Top-performing school expanding in East Valley - East Valley Tribune: East Valley Education News

Top-performing school expanding in East Valley

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Posted: Friday, January 28, 2005 9:58 am | Updated: 8:41 am, Fri Oct 7, 2011.

January 28, 2005

East Valley parents stuck on the waiting list to get their children into the state’s top-performing charter high school soon will have options.

The same rigorous curriculum that has delivered results at Tempe Preparatory Academy since 1996 will come to a new site this fall in Chandler with financial backing from the Walton Family Foundation and other donors anxious to see the spread of the school model.

Other East Valley sites will follow at locations not yet determined.

Organizers of the expansion hope to dot the Valley with as many as 12 college preparatory charter schools by 2012 — all modeled after Tempe Preparatory and each serving about 350 students from seventh through 12th grade.

The second site in the plan, Veritas Preparatory Academy in Phoenix, opened in 2003 and already has topped all surrounding public schools on the Stanford 9 test.

"Think of the possibilities if there were Tempe preparatory academies — and Chandler and Veritas preparatory academies — spread throughout the metropolitan Phoenix area," Tempe headmaster Daniel Scoggin said.

At Tempe Preparatory, juniors rarely take AIMS because 100 percent in most years pass all three portions of the highstakes graduation test on their first try as sophomores. Overall, the academy has led all Maricopa County schools on AIMS four years in a row.

Meanwhile, the average SAT score for Tempe Preparatory graduates since 2001 has been 1240 — better than 83 percent of all test-takers nationwide and 210 points above the national average.

"This school was built for average kids who are willing to work hard," Scoggin said.

The curriculum includes no electives, but plenty of homework.

Every student performs in at least one Shakespearean play and studies Latin, music theory, visual arts, science, humanities and advanced mathematics. Tempe Preparatory is also a Class 1A member of the Arizona Interscholastic Association, and more than 70 percent of students participate in at least one sport.

Classes are capped at 20 students so that teachers can use the Socratic method — asking questions and allowing students to learn by discovering the answers themselves. In one classroom this week, hands shot up four or five at a time as freshmen debated an ethical point from Herman Melville’s "Billy Budd, Sailor."

Next door, seniors compared Montaigne’s essays on virtue with Aristotle’s definition of happiness. And across the main courtyard, seventhgraders raced each other to conjugate Latin verbs.

Meanwhile, three sophomore girls stood in front of another room and fielded questions from their peers about how they solved a certain physics equation.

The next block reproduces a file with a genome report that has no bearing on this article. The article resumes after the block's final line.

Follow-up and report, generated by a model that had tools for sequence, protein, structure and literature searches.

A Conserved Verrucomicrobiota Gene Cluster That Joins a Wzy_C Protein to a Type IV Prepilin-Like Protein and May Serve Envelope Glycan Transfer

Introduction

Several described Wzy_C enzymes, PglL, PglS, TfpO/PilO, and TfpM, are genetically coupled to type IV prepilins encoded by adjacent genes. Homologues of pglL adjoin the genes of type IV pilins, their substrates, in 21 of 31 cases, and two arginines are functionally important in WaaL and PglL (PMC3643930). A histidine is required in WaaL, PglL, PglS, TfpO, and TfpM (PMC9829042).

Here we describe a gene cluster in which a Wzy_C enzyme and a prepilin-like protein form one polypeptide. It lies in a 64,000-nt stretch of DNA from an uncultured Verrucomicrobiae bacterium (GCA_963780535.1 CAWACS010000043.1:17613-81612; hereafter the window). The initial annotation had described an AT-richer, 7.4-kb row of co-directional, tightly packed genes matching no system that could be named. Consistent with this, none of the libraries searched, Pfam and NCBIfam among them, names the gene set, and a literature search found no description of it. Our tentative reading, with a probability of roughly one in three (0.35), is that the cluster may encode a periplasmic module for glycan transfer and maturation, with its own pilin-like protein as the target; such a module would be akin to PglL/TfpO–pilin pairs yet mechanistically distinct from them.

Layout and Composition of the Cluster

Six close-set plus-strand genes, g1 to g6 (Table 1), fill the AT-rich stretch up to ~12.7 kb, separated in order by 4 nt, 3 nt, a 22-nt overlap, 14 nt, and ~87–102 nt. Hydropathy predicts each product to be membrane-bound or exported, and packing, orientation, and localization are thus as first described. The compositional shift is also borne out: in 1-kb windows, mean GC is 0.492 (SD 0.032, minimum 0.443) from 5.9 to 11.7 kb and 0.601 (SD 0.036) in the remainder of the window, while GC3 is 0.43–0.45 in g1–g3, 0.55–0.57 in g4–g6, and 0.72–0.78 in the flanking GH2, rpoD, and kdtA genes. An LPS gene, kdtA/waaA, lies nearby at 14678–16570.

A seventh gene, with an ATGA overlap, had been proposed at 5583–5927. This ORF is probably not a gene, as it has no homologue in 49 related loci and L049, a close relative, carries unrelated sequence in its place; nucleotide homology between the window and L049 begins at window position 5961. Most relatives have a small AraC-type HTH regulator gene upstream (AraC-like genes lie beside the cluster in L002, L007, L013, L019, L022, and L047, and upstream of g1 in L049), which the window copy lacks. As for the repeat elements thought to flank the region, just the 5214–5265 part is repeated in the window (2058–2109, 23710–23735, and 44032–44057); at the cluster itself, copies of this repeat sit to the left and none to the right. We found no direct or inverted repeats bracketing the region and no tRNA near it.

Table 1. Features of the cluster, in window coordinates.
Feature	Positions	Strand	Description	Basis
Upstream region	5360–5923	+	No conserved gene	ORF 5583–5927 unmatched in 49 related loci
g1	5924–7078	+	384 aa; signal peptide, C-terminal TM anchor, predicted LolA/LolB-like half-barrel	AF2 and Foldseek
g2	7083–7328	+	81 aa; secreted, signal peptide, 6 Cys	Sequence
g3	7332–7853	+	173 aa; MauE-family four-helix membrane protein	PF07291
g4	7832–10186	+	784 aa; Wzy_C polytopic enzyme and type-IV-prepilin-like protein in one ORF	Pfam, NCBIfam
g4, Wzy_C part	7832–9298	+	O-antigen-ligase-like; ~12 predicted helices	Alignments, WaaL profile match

"We needed the net force and the force of gravity to find the force of water," one of the girls said in response to one question, and the class nodded in understanding.

The teacher, Tom Hickernell, has a doctorate in physics but seemed content to sit quietly at a student’s desk in the back of the room and watch the students discover the subject for themselves.

"We want students who have profound eloquence," Scoggin explained.

Scoggin also knows what he wants in his teachers: "People who have a life calling to work with teenagers."

Plenty have applied already to teach at Chandler Preparatory Academy, Scoggin said, holding up a thick stack of resumes that he said came almost immediately after the publication of a classified advertisement. Besides offering a salary similar to those at most East Valley school districts, the academies also give each teacher two preparation periods during the day so they will stay fresh.

As public charter schools, Tempe Preparatory and Chandler Preparatory are privately operated but funded with public dollars and are tuition-free. Parents, however, do have to provide students’ transportation. There are no admission requirements; parents simply provide the school with the student’s name and contact information, and students are then selected through a lottery.

Scoggin said the cost to open one academy ranges from about $650,000 to lease property and $1.1 million to purchase property.

After the academies open, Scoggin said funding from the state falls about $1,000 short per student per year. The rest comes from private donations, he said.

Learn more

Open enrollment: For information on Chandler Preparatory Academy, call (480) 839-3402.

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